Re: News release from CAL


Subject: Re: News release from CAL
From: Mikael Book (book@kaapeli.fi)
Date: la 05 kesä   1999 - 14:33:02 EEST


OAA23276
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Dear ecup-list subscribers,

the opinions which we read in the news release from the Australian
"Copyright Agency Limited" are not at all unusual. What we have here is,
nevertheless, an unusually straigtforward formulation of what can be
called the militant entrepreneurial approach to information. "Digital
transactions are all recordable and remunerable", rejoices the
businessman, discovering a promised new land ...

'Transaction' is a keyword of "eCommerce". The way Mr Freeman (an
Australian publisher) looks upon the transaction of intellectual property
is revealing: "In my view, copyright in the digital world is effectively a
transactional rather than an inherent property right". If this becomes
the dominant idea of copyright (and that is precisely what seems to be
happening), then both the authors and the public will have to look for
their rights on the moon. The conception of Mr Freeman squarely transfers
all rights to the the owners of the rights to exploit the digital
transactions. These rightsowners are likely to be transnational chains
of information resellers.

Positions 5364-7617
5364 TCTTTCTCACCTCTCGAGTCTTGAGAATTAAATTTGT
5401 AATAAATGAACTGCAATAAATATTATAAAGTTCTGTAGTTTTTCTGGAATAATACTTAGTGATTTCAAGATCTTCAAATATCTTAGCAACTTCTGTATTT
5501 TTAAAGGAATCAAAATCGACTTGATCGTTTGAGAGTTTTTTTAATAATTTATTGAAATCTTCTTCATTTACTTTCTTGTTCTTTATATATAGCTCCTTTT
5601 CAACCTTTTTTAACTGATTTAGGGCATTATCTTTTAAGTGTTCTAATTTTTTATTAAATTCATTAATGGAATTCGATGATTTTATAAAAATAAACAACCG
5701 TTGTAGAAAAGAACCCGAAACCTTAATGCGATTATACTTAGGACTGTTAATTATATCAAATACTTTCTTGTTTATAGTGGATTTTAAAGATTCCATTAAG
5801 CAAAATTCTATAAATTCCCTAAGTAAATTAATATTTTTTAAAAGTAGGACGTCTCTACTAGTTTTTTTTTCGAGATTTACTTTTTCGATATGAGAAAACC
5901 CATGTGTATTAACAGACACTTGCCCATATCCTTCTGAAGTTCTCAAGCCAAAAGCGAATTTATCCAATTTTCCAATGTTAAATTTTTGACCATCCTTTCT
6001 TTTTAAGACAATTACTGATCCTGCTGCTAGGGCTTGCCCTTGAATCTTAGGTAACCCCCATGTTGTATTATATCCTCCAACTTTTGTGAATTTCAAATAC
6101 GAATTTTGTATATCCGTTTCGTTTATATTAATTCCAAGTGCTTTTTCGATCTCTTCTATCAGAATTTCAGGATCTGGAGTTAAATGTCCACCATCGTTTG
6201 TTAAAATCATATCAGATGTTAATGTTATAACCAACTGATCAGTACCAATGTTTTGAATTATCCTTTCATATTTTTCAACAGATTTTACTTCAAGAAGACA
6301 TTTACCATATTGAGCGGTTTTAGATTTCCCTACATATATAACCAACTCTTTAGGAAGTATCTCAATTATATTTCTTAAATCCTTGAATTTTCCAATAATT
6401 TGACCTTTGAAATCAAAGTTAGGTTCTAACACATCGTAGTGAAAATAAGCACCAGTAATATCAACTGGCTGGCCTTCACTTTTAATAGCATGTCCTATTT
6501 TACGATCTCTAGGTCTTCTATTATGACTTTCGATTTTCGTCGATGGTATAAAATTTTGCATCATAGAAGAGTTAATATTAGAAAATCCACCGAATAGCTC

Strikingly revealing are also the formulations by Mr McDonald (apparently
another Australian e-commercialist):

"It is wrong to think that material in digital form and material in
hardcopy form will be consumed in the same way by the public",

and

"It is wrong to think that libraries will play the same role in
relation to the collection and dissemination of digital material as
they play in relation to hard-copy items such as books".

Is not Mr McDonald very close to saying that it is wrong to think
altogether? At least he close to fanaticism, because, what he asserts
himself boils down to his own, highly ideological credo. What he means to
say, actually, is that there are no economic, social and political
alternatives. "It is wrong to think" -- so we just have to accept that
public libraries disappear and the the act of reading itself is
transformed into the *transaction* of reading.

In the international "Save Access"-appeal (cf.
http://www.kaapeli.fi/saveaccess/iad3.htm) released a year ago by the
present writer and some friends it was stated that the

"borders of our common informational ground are threatened by commercial
invasion"

What we had in mind was, precisely, the legions of Mr Freeman, Mr McDonald
et consortes.

Yours,

- Mikael Böök

Mikael Book * Katto-Meny * Tallbergink 1/39 * FIN-00180 Helsinki
book@kaapeli.fi * Phone +358-9-6947730 * Fax +358-9-27090369
gsm 040 5511 324



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